Both Fraunhofer Institutes together make up the "Test and Demonstration Center of the New Personal Identity Card," which acts as the starting and reference point for the applications test. The showcase for applications is located at FOKUS in Berlin. It delivers targeted care and support for the introduction phase of the personal identity card. Interested visitors from the public administration, business and media sectors can familiarize themselves with scenarios and applications there. On the one hand, technical and organizational data on the new personal identity card, eGovernment and eBusiness will be presented at the demonstration center. On the other hand, the demonstration center also houses technical components like "Citizen Client" and the eID server, as well as selected pilot projects from service providers. "Since January 1, 2010, interested institutions and companies have been able to participate in the applications test," says Jens Fromm, head of the Fraunhofer FOKUS Secure eIdentity Laboratory. "This gives them an opportunity to test the functionalities of the new personal identity card prior to its rollout." The laboratory for security testing has a site in Darmstadt where Fraunhofer employees support businesses with technical know-how on the integration of existing services, and the development of new services. "We are making a test service available to companies and conducting error analyses," says Ulrich Waldmann, of Fraunhofer SIT.
At CeBIT, SIT will present applications that demonstrate how to use the new personal identification card for verification when making a phone call through a VoIP connection, i.e., an Internet phone call. The design lets contact partners in VoIP telephone conversations mutually obtain authentication of each other, and allows for the confidential exchange of information by telephone. "Indeed, there have already been methods for both parties to establish identification on the phone," explains Ronald Marx, "like recognizing voices, engaging the assigned telephone number, or other features from a database. These processes were frequently unreliable or unable to be deployed globally." In the future, he explains, the online authentication function of the new personal identity card can be used for this purpose.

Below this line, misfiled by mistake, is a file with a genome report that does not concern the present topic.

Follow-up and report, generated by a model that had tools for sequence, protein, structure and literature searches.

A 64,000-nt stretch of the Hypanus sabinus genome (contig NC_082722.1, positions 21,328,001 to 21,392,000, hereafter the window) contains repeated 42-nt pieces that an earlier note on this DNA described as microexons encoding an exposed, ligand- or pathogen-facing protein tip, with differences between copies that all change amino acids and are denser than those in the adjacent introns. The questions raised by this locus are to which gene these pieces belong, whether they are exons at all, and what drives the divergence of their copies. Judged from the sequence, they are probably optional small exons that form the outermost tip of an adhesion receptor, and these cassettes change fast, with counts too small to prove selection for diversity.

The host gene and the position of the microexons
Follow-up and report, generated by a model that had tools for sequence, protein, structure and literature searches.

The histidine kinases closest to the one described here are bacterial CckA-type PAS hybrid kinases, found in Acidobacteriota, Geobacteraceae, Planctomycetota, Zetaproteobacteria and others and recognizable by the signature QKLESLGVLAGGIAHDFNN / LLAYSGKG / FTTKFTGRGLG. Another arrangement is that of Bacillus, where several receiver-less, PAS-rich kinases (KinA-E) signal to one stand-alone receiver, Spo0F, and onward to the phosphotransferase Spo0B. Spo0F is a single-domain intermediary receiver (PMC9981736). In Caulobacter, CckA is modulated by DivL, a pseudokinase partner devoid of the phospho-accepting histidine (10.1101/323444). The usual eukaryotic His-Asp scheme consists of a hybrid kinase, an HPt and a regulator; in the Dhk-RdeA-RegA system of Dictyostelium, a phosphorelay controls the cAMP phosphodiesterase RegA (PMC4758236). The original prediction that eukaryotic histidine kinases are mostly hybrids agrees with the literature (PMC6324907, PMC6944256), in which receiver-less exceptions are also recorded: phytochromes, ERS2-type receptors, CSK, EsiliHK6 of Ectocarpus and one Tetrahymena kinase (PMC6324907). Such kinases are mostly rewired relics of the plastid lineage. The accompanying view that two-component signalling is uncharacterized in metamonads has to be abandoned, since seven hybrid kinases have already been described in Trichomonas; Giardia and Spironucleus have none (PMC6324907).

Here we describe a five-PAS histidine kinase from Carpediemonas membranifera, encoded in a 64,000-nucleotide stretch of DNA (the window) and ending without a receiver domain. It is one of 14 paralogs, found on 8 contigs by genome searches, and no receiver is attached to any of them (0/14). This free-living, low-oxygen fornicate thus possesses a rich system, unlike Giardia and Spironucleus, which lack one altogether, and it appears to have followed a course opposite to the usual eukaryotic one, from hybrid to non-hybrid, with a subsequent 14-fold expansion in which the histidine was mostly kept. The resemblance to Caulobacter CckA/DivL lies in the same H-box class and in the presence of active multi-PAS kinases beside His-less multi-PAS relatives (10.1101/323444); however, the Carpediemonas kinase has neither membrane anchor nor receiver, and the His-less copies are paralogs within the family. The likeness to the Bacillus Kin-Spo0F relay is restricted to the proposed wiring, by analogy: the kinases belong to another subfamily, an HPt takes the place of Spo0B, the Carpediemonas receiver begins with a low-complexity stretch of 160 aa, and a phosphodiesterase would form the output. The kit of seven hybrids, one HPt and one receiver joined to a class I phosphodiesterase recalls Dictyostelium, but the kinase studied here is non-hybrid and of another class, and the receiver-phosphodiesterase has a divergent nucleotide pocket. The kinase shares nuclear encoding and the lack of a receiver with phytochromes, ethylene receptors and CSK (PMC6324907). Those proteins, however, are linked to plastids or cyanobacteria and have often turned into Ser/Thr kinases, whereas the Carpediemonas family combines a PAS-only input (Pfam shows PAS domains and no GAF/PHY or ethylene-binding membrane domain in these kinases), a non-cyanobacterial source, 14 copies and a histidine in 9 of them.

Imagine, for example, an identity cardholder who wishes to access his bank's telephone banking services via the call center, because he wants to expand his stock portfolio. By virtue of the indispensible confidentiality required to handle the subject matter of such discussions, mutual authentication and encryption is required. The bank offers the use of the eID function, since it is in their own best interest to have a reliable means of identifying its customers and business partners. At the same time, it wants to be able to reliably provide evidence of its own identification. Now that process consists of three basic steps: Producing an encrypted direct line between customer and bank, transmitting the respective identification data, and finally, assigning both lines. The customer, on the one hand, enjoys the assurance that his contact partner is a bank employee. And the call center agent, in turn, knows with certainty that he is dealing with the actual customer.
In the future, it should even be possible to identify oneself via cellphone. "To do so, you have to be able to read the RFID chip in the ID card with the cellphone," explains Ronald Marx, who handles the project at SIT. "Once the identification is introduced, this function will eventually support more and more cellphones."